Bernard D'Espagnat in this article in Scientific American writes:

Of the three premises realism is the most fundamental. Realism can be stated formally as the belief that a mere description of data is not all that should be required of a theory. Even an empirical rule for predicting the patterns of future measurements is not enough. The mind demands something more: not necessarily determinism-there is nothing intrinsically irrational about randomness-but at least objective explanations of observed regularities, or in other words causes. Underlying this demand is the intuitive notion that the world outside the self is real and has at least some properties that exist independently of human consciousness.

The last sentence appears uncontentious: There was a time when there were no human beings and yet the universe existed. Thus the universe is independent of human consciousness. However this objection seems such an easy one to make that there must be other good reasons why some are prepared to countenance a mind-dependent universe even on physical grounds and why they forego the previous objection. It seems plausible that a distinction has to be made between mind-indepedent and human-mind-independent, and its the latter that the forgoing objection disposes of. Is this it, or am I missing something else more fundamental here? If so, what are they?

  • There's another line of argument one could hold, perhaps, which is not to deny that there's a mind independent reality, but (in a Kantian spirit) to deny that it is knowable by human minds. Feb 12, 2018 at 16:24
  • @QuentinRuyant: sure, D'Espagnat does go into Kant in the book and I think he personally is sympathtic towards that view. Feb 12, 2018 at 17:05
  • Are we starting from assumptions, such as "there was a time when there were no human beings and yet the universe existed?" These assumptions seem trivial. They're even baked into religious documents long before the dawn of science. Yet they are frustratingly hard to prove, unless you weaken the meaning of the verb "prove."
    – Cort Ammon
    Feb 12, 2018 at 18:53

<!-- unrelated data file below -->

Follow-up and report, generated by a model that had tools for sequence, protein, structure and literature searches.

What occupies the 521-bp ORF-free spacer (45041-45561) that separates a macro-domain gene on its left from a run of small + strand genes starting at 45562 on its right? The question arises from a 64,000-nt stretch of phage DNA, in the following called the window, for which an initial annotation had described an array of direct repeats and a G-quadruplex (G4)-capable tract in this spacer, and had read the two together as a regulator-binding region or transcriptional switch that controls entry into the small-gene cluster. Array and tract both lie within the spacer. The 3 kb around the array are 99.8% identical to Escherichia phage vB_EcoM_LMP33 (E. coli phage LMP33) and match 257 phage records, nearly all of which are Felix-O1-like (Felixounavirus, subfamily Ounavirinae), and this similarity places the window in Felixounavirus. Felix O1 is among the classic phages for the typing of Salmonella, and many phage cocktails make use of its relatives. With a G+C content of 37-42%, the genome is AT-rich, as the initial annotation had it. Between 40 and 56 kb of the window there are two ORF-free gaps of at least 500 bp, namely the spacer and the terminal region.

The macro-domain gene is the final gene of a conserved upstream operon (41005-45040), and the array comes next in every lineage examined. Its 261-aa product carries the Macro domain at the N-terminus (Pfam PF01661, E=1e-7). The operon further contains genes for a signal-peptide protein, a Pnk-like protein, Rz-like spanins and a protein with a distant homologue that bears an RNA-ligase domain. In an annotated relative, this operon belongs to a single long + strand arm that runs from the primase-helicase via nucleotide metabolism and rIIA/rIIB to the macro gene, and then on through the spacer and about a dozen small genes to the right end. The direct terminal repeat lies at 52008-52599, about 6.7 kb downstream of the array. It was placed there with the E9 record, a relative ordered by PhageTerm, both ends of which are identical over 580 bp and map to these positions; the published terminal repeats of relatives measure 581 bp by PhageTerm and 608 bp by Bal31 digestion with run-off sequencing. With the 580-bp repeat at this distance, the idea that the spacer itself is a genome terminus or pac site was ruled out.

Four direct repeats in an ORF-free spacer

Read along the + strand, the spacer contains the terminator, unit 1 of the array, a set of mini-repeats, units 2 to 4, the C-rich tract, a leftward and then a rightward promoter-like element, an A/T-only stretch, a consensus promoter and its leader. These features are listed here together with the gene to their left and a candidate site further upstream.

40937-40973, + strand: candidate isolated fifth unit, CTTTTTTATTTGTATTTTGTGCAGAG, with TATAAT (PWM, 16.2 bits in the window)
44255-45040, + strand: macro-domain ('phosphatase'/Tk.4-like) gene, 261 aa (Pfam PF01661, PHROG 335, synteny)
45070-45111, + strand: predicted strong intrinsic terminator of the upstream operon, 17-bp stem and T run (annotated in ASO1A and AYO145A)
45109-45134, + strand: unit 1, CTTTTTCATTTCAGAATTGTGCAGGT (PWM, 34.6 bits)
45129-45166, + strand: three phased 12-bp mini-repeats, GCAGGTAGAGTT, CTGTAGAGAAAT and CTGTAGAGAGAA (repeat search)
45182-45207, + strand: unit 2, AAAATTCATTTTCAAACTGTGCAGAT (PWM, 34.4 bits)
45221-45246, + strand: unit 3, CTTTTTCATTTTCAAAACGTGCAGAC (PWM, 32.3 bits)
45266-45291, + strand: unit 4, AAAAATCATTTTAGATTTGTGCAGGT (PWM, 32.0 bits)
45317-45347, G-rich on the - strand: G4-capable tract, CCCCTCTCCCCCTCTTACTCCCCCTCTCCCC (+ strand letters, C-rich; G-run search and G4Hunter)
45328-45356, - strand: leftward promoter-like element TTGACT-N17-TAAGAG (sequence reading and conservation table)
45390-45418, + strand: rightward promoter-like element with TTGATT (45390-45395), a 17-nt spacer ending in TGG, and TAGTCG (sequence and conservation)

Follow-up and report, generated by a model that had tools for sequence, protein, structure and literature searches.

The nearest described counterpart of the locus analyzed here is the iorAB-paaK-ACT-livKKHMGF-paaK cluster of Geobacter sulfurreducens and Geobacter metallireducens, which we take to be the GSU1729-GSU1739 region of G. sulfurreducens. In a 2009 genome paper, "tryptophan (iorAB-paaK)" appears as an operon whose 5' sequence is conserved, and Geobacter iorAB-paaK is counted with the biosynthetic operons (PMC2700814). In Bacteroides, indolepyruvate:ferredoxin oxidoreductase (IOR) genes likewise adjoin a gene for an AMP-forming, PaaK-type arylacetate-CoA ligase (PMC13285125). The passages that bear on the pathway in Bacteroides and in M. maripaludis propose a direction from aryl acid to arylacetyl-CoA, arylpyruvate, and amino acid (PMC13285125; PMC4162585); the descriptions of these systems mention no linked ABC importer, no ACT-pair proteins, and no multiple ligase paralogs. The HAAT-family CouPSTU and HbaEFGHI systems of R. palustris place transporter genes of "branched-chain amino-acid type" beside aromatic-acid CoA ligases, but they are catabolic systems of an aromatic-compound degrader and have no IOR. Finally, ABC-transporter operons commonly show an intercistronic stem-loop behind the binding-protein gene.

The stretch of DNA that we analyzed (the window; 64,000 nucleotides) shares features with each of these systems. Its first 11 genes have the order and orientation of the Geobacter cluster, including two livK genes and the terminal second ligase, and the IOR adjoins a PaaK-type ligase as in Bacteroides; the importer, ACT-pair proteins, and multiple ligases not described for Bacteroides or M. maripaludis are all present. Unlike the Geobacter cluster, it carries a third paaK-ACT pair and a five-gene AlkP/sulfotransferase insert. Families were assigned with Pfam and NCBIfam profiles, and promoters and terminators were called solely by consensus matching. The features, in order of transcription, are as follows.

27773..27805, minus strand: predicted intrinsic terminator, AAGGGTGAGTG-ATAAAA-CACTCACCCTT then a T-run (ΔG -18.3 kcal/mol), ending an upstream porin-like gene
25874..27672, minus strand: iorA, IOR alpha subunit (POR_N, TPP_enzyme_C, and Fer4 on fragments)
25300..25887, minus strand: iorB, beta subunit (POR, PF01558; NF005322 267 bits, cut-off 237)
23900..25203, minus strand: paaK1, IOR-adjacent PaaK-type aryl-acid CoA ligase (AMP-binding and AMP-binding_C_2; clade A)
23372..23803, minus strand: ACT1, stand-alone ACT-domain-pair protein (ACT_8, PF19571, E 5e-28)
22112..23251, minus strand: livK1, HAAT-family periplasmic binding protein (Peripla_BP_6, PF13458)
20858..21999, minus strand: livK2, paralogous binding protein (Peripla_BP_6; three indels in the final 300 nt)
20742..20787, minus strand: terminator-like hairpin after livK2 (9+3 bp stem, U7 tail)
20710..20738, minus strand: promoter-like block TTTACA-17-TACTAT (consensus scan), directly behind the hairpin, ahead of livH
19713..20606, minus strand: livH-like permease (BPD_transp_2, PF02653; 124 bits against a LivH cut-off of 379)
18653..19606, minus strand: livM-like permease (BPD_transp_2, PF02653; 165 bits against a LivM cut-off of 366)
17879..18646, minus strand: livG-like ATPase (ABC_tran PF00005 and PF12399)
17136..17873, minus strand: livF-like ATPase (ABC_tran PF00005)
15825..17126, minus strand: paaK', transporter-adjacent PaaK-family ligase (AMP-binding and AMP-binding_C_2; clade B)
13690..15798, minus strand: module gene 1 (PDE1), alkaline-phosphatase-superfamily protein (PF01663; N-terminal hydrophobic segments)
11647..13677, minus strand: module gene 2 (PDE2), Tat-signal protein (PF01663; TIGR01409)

• I think the last statement is a better expression of realism than "the belief that a mere description of data is not all that should be required of a theory", which any pragmatic empiricist would agree with. "There was a time when... universe existed" already presupposes that categories like "time" and "universe" are objective, which is highly doubtful given their human roots. Many, like Wittgenstein, object to such "God's eye view" that traditional realism is forced to adopt. The question is not so much mind-independence, everything we conceive is mind-dependent, as independence of our whims.
    – Conifold
    Feb 12, 2018 at 20:44
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    Maybe relevant is Rovelli's relational interpretation of QM where physical states are relative to "observers", and observers are any physical system (not necessarily human). However he doesn't mean to say that this is mind dependence. Feb 13, 2018 at 7:54

3 Answers 3


Quantum mechanics doesn't just give probabilistic futures, it does the same to the past. The anthropic principle takes that to a futhest extent, did the presence in this universes timeline of minds, collapse the wave function into just this set of fine-tuned fundamental constants?

We can't truly escape our observations being through minds, being subjective, even when we balance that by network and comparing notes with other subjective instances of mind.

Cause & effect, time, materiality, all open to question.

  • The past is fixed, even in QM... May 5, 2019 at 9:10